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The Catalyst

New CASE William B. Evins M.D. Bioskills Orthopaedic Lab dedicated

By J. Ryne Danielson
daniejer@musc.edu

Orthopaedics faculty member and Chief of Sports Medicine’s Dr. Shane Woolf, right, is joined by Dr. William Evins as he demonstrates a remote camera used for training at one of several work stations at the new CASE Orthopaedic Bioskills Lab located in BSB Room 603.

The English philosopher Francis Bacon once said, “In Charity there is no excess.” That’s a sentiment William B. Evins, M.D., a 1960 MUSC graduate of the College of Medicine and former orthopaedic resident, obviously took to heart. Thanks to Evins’ generous gift, MUSC has been able to build a state–of–the art educational research facility, which will hone the skills of the next generation of physicians.

MUSC dedicated that new facility, the William B. Evins, M.D. Center for Anatomical Studies and Education Orthopaedic Bioskills Laboratory, April 26.

The Center for Anatomical Studies and Education (“CASE”) hosts MUSC’s anatomical gift program, which enables individuals to donate their bodies to advancing medical science and provides important training across all six colleges. For surgical residents, the new CASE Bioskills Lab will provide a crucial element in surgical training by allowing the transfer of skills learned in simulated training and didactic sessions to real tissue with no time limits, no patient risk, maximum frequency and consistency of training opportunities. Shane Woolf, M.D., associate professor in the Department of Orthopaedics, said he and CASE director Thierry Bacro, Ph.D., PT, had the idea for the lab half a decade ago and were thrilled to see it take shape. “Five years ago, Thierry and I were in the gross anatomy lab one evening after work, and he looked at me and said, ‘You’ve got to get out of my lab.’ It was out of that comment that this idea was born. Bringing it to fruition has been a lot of work and a labor of love.”

The two work well together, Bacro said, calling Woolf his “partner in crime.”

Present at the April 26 lab dedication included (back row, from left) College of Medicine Dean Dr. Ray DuBois, Drs. Vincent Pellegrini, Shane Woolf, Thierry Bacro, Langdon Hartsock, (front row) Drs. William Evins and Roger Markwald.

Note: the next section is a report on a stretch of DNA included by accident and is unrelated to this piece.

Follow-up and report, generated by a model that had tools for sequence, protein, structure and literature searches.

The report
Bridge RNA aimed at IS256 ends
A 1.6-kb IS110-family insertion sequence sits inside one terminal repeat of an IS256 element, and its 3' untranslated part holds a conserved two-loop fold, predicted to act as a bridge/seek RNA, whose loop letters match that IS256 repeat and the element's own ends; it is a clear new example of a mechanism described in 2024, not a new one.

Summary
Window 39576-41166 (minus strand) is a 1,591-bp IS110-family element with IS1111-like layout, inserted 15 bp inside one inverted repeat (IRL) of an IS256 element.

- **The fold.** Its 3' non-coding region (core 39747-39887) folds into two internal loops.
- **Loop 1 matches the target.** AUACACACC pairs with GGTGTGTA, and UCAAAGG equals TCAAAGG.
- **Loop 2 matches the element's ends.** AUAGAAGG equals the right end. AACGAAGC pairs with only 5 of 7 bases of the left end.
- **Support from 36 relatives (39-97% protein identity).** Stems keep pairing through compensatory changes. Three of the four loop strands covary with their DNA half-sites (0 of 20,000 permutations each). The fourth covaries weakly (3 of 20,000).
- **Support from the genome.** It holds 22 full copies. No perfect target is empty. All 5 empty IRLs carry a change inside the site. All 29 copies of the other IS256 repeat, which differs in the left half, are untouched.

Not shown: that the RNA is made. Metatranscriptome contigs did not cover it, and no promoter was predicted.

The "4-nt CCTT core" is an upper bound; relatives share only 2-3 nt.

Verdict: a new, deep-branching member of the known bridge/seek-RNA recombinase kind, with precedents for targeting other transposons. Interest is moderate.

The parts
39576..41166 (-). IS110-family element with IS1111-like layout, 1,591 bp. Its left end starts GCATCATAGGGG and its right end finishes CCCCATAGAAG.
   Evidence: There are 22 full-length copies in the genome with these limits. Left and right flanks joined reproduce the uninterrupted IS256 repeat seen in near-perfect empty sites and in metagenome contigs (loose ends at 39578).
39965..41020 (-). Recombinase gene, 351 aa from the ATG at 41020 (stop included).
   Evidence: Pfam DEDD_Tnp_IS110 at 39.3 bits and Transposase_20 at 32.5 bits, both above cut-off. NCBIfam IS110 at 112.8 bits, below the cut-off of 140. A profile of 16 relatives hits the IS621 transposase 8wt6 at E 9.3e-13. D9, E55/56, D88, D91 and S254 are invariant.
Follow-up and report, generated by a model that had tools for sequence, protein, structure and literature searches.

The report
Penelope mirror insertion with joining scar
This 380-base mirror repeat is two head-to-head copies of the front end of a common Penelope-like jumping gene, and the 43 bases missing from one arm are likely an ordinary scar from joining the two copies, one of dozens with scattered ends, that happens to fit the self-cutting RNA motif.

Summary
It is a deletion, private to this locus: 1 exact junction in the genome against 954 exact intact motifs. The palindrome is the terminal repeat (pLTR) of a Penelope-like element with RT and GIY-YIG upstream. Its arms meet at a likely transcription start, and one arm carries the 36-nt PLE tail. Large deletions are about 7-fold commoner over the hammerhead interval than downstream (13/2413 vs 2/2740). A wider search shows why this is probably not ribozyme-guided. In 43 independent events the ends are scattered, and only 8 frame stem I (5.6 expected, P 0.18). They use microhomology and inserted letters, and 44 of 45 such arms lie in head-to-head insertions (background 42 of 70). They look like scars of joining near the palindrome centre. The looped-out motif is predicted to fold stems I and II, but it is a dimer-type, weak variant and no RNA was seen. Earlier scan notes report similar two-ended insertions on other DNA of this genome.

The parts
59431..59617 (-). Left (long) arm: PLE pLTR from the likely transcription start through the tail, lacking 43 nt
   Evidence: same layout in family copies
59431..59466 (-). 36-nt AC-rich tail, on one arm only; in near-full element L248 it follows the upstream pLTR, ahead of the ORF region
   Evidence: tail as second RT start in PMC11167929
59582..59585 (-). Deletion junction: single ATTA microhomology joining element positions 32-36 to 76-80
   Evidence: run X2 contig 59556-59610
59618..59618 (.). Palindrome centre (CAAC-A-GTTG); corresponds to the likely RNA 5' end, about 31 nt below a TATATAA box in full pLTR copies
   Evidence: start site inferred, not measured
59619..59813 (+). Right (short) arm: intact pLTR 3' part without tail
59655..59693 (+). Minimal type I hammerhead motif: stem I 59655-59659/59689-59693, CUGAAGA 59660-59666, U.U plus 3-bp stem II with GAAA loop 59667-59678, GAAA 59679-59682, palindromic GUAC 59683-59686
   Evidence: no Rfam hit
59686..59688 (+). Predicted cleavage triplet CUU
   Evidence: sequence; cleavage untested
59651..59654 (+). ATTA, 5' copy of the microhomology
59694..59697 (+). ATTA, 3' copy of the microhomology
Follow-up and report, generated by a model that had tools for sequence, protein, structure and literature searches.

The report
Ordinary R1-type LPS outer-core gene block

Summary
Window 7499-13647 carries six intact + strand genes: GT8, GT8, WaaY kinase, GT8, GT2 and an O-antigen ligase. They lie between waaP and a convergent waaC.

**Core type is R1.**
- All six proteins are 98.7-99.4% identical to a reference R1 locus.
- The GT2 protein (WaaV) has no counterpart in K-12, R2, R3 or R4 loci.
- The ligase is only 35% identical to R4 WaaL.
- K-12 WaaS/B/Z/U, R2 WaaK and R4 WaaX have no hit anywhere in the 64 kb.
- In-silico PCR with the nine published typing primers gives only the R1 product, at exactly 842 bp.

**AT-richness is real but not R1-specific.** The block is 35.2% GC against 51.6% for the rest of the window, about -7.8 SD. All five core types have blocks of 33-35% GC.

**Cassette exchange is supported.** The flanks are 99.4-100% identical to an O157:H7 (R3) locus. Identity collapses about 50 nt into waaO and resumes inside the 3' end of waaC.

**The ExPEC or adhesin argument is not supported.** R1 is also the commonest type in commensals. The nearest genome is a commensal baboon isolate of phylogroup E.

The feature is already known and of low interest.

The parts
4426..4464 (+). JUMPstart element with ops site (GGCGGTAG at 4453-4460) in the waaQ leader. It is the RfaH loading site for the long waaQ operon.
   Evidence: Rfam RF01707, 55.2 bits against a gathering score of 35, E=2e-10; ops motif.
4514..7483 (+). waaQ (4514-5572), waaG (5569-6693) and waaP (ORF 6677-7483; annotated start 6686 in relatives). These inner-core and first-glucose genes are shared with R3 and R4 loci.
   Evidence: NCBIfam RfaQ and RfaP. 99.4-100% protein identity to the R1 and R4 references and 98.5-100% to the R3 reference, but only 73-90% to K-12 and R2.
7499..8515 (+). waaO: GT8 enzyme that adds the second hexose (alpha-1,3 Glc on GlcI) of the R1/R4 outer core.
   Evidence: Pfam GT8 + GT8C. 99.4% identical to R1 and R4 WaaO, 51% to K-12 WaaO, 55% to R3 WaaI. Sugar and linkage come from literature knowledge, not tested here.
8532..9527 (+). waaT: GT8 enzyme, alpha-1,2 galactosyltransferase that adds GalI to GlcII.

Ray DuBois, M.D., Ph.D., dean of the College of Medicine, expressed his gratitude to Evins and everyone involved. “We really appreciate the donation that made this possible,” he said. “This laboratory is important for the college and for MUSC. It will provide an environment where we can train the next generation of physicians with skills they can’t just learn as they go. You don’t want doctors working on patients until they have the chance to hone their skills, and they’re at the top of their game.”

DuBois said Evins’ support means a lot to MUSC, not just in terms of money, but in terms of morale. “Bill, having gone through medical school and orthopaedic training here, wanted to give back to the institution.

It is incredibly meaningful and really validates what we’re all about.”

Terry Stanley, associate dean for development in the College of Medicine, said advancing education is one of MUSC’s most important goals, and this lab will play an important role in that ever–expanding mission. “This is an incredible facility. We’re very proud to see Bill Evins’ name on it and very grateful for his generosity, which is responsible for making it a reality.”

1960 MUSC College of Medicine alumnus Dr. William Evins helped establish the lab through a generous gift to MUSC.

The new lab will bring the study of anatomy into the 21st century by allowing orthopaedic specialists, residents and medical students to practice with cutting-edge techniques and devices before using them on patients, said Stephen Duncan, D.Phil., chairman of the Department of Regenerative Medicine and Cell Biology and SmartState Chair in Regenerative Medicine. “As we create new devices through the study of regenerative medicine, we increasingly require a practice environment like this. Having a place to translate basic findings from research laboratories into the clinics allows us to have a flow of knowledge between research and practice.”

That flow of knowledge, he explained, between basic science and innovative medicine is at the heart of each of MUSC’s core missions.

Vincent Pellegrini, M.D., chairman of the Department of Orthopaedics and the John A. Siegling Endowed Chair in Orthopaedic Surgery, echoed Duncan’s sentiments, saying the lab will facilitate practical applications for important research. “This marriage of basic science and the clinical departments will enable us all to be more successful in what we do.”

Evins was grateful for the opportunity to lend his alma mater a hand. “I’m very pleased to give back to those who have helped me,” he said. “I hope the young doctors just starting out gain some benefit from this lab. I think they will.”

June 17, 2016

 

 
 
 

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